McDonald's Is Still Not Lovin' It

McDonald's may be closing in on another all-time high, but the fundamentals are going the wrong way.

Jun 9, 2014 at 6:20PM

There's still some rust to shake off the Golden Arches. McDonald's (NYSE:MCD) posted another disappointing performance report this morning. The world's largest burger chain saw global sales improve, but the scary nugget -- or McNugget -- is that we're eyeing more weakness closer to home. U.S. comps slipped 1% in May at McDonald's, and that's not going to silence the unrest that's brewing among shareholders, franchisees, and consumers.

McDonald's seemed to be on the right track a month earlier. It posted flat comps at its stateside restaurants for April. That may not seem like such a big deal. Flat sales means that it didn't even keep up with inflation! However, it was still the first time that the burger flipper hadn't posted negative same-store sales for a month since October of last year. It could have been a springboard to better things, but apparently someone's draining the pool of its water.

Mickey D's is in a pickle. It's gone through three straight quarters of negative comps domestically. We've gone through several excuses. Late last year, it was the admission that it had strayed from its value message, alienating loyalists looking for cheap eats. Then we had the cruel winter that smacked around a lot more chains than just McDonald's. Where's the new scapegoat now? 

This wouldn't be so bad if all of the burger chains were reeling, but they're not. Burger King Worldwide (NYSE:BKW) doesn't provide monthly metrics, but it has posted slightly positive comps in back-to-back quarters.

Burger King is usually the one chasing after McDonald's, copying its menu moves and hoping that it can keep up. However, at a time when McDonald's is struggling to keep its bargain seekers and its push for premium items isn't resonating at the register, Burger King has been worthy of its paper crown by comparison.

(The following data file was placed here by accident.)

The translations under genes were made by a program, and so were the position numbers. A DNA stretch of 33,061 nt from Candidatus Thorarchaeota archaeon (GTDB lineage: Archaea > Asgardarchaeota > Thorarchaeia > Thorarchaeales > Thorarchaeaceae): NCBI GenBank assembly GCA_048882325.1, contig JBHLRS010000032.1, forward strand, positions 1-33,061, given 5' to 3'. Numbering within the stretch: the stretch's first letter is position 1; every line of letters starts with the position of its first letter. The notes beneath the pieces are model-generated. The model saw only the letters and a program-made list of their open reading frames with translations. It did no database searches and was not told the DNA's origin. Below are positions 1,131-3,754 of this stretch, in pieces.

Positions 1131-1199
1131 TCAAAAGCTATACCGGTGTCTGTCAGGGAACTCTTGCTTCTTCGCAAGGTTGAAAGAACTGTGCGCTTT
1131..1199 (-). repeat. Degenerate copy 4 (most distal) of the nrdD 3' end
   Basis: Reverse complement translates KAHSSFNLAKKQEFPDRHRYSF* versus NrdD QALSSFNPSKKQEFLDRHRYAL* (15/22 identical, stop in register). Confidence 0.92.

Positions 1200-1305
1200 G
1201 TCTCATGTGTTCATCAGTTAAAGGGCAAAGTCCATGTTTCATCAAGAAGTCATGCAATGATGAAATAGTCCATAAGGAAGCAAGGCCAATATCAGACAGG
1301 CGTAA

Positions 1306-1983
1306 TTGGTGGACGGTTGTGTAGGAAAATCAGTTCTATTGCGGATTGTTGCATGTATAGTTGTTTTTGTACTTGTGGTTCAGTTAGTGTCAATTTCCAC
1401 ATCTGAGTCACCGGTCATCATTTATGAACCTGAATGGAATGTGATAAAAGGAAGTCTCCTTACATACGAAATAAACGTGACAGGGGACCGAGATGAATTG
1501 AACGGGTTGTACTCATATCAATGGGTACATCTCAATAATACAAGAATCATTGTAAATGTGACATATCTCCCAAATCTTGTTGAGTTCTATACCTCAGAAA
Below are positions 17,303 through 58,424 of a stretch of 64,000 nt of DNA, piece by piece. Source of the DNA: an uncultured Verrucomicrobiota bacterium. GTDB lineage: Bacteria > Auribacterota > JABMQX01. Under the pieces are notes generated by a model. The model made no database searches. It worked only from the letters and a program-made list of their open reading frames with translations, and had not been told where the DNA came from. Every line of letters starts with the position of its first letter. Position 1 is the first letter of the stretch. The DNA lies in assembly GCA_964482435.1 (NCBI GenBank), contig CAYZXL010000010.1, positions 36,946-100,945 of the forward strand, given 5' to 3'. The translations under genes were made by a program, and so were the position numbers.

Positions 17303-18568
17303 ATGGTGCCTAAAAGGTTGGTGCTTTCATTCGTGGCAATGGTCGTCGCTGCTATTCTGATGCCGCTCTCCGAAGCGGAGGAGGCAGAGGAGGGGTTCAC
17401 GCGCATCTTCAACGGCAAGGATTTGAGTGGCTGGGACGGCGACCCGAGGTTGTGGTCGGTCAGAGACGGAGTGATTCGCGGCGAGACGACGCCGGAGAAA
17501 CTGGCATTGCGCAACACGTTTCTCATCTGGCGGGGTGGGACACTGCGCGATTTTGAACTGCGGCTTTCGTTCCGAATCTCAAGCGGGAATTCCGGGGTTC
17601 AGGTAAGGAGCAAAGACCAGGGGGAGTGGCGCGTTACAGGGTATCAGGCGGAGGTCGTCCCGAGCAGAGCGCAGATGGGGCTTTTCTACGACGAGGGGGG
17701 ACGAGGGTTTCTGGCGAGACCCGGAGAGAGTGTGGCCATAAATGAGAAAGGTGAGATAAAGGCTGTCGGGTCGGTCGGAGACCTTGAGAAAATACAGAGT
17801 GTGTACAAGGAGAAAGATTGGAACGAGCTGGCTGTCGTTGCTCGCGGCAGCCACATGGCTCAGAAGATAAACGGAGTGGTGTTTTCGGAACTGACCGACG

It's not too late for McDonald's. It has the financial fortitude to keep tweaking its menu to get things right, and customers know that fast-food chains never stand still. It won't seem desperate as it tries to drum up the perfect combination of price and food to win back the hungry. It will just be a burger chain being a burger chain until it gets it right. 

Investors may not see it that way. The stock is inexplicably trading near the all-time high it set last month. Shareholders are getting a healthy yield of 3.2% to sit through the lull, but it doesn't seem right that the stock is holding up so well at a time when the fundamentals -- at least domestically -- are going the wrong way. The market shouldn't be positive at a time when the comps are negative.

Stocks to love for the next decade
The smartest investors know that dividend stocks like McDonald's simply crush their non-dividend-paying counterparts over the long term. That's beyond dispute. They also know that a well-constructed dividend portfolio creates wealth steadily, while still allowing you to sleep like a baby. Knowing how valuable such a portfolio might be, our top analysts put together a report on a group of high-yielding stocks that should be in any income investor's portfolio. To see our free report on these stocks, just click here now.